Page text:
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Genetically engineered fungus now squeezes out more biofuel from farm waste

Date: 2018-02-06 15:08:41.0

Researchers at the International Centre for Genetic Engineering and Biotechnology (ICGEB) have altered the genome of a commercially-exploited fungus in such a way that it would increase the production of enzymes helpful in converting cellulose into simple fermentable sugars.

The significance of the work lies in the fact that it would help produce double the amount of biofuel from agricultural waste materials, including rice and wheat straw, whose burning was implicated in the worsening of air quality in most parts of northern India. Available estimates show that India produces around 500 million tonnes of agricultural waste annually.

The ICGEB scientists led by Syed Shams Yazdani disrupted a control mechanism found in the fungus penicillium funiculosum (PF) that regulates its metabolic activity. Disrupting this mechanism called carbon catabolite repression helped the scientists to increase the production of enzymes that are involved in converting cellulose into sugars and, thus increased the production of biofuels. The ICGEB scientists published their work in the journal Biotechnology for Biofuels last week.

The newly-engineered fungus could be a strong alternative in the industrial enzyme repertoire used for biofuel production,” said Yazdani. More importantly, it can use any type agricultural waste as feedstock, he said.

“We have not only found a way to double the quantity of enzymes available, but also improved their quality, leading to increased biofuel production,” Yazdani told BusinessLine.

Around 80 per cent of dry biomass – including that of crop residues – contain cellulose and hemocellulose. “Processes currently used for biological conversion of cellulosic biomass are capable of converting only 60-65 per cent of cellulose material into sugars. Our process could enhance the recovery to 80-85 per cent,” the ICGEB scientist said.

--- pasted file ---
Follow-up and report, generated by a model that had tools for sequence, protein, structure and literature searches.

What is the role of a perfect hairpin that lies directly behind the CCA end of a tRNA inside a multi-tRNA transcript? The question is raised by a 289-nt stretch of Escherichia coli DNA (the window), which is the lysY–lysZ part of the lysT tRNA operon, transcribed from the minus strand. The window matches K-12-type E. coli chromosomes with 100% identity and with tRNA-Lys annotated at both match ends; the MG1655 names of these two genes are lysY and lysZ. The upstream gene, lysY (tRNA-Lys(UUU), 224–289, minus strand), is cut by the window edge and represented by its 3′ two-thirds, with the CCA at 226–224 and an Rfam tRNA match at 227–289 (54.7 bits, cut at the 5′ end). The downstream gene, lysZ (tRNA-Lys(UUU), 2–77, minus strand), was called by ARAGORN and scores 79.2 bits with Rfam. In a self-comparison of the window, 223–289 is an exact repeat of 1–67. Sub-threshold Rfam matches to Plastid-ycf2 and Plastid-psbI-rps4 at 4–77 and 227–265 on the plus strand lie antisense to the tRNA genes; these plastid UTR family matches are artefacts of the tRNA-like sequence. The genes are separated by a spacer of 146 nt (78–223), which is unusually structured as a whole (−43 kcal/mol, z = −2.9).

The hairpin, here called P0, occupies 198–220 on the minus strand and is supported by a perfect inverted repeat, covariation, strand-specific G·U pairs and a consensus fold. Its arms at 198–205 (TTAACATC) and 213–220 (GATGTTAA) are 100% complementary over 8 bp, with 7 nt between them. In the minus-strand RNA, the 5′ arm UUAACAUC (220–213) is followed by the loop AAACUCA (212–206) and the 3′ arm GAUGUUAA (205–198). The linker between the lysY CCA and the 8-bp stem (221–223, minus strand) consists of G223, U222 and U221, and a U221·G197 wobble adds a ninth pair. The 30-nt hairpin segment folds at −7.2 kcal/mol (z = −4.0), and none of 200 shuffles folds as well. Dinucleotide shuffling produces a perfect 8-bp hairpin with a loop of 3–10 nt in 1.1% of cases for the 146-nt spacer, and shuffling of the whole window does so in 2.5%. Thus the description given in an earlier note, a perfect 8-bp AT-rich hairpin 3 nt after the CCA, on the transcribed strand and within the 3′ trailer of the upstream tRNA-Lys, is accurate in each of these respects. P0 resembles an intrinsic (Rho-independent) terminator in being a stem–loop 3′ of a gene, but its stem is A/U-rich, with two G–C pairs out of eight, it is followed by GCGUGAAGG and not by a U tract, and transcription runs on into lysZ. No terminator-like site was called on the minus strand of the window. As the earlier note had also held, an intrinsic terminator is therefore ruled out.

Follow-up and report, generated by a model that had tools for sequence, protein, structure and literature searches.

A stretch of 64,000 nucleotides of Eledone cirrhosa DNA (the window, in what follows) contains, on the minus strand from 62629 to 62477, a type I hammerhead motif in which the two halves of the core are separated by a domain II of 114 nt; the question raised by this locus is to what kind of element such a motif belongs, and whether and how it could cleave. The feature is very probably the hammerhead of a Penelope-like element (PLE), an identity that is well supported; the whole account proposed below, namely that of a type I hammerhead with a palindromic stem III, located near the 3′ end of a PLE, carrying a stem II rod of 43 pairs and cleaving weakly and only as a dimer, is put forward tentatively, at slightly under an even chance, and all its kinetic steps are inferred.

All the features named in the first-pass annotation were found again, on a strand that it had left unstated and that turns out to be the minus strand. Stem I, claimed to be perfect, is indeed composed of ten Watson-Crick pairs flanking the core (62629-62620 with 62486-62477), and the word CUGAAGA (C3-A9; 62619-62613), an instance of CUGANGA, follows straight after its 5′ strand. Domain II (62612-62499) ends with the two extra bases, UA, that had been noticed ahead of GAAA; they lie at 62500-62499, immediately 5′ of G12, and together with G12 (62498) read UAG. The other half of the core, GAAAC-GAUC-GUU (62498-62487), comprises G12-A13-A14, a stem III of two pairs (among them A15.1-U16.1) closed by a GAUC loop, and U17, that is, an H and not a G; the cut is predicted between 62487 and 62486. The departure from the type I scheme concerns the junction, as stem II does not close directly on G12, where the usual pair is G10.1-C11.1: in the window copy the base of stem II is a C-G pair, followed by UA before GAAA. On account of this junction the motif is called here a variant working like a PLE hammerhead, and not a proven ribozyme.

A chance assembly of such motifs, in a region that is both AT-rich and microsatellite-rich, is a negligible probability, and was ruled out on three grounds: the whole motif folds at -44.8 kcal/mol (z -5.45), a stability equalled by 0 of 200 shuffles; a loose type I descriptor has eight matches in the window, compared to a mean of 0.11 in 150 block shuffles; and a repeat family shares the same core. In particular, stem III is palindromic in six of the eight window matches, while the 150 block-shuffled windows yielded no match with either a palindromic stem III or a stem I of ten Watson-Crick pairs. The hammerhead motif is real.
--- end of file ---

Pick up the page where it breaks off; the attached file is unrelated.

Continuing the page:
The scientists, funded by a research grant from the Department of Biotechnology, have been working the PF fungus since 2009. They opted for this fungus as it was found to produce five times more active enzyme (known as CBH1) in breaking down cellulose as compared to its fungal cousin Trichoderma reesei, more commonly used in industrial enzyme cocktails. In this work, the ICGEB scientists went a step further and tweaked the PF fungal genome in such a way that the enzyme production can be doubled.


DBT-ICGEB Advanced Bioenergy Research (DBT-ICGEB) is an integrated centre for performing cutting-edge basic research and its translation into reality. It thrives upon ICGEB mandate to perform research in the field of molecular biology and biotechnology and will serve as platform for the synthetic biologists to work in diverese bioenergy areas such as microbial engineering, biochemical engineering, algal engineering and systems biology.y.

For further information about DBT-ICGEB Advanced Bioenergy Research, please visit their website here.

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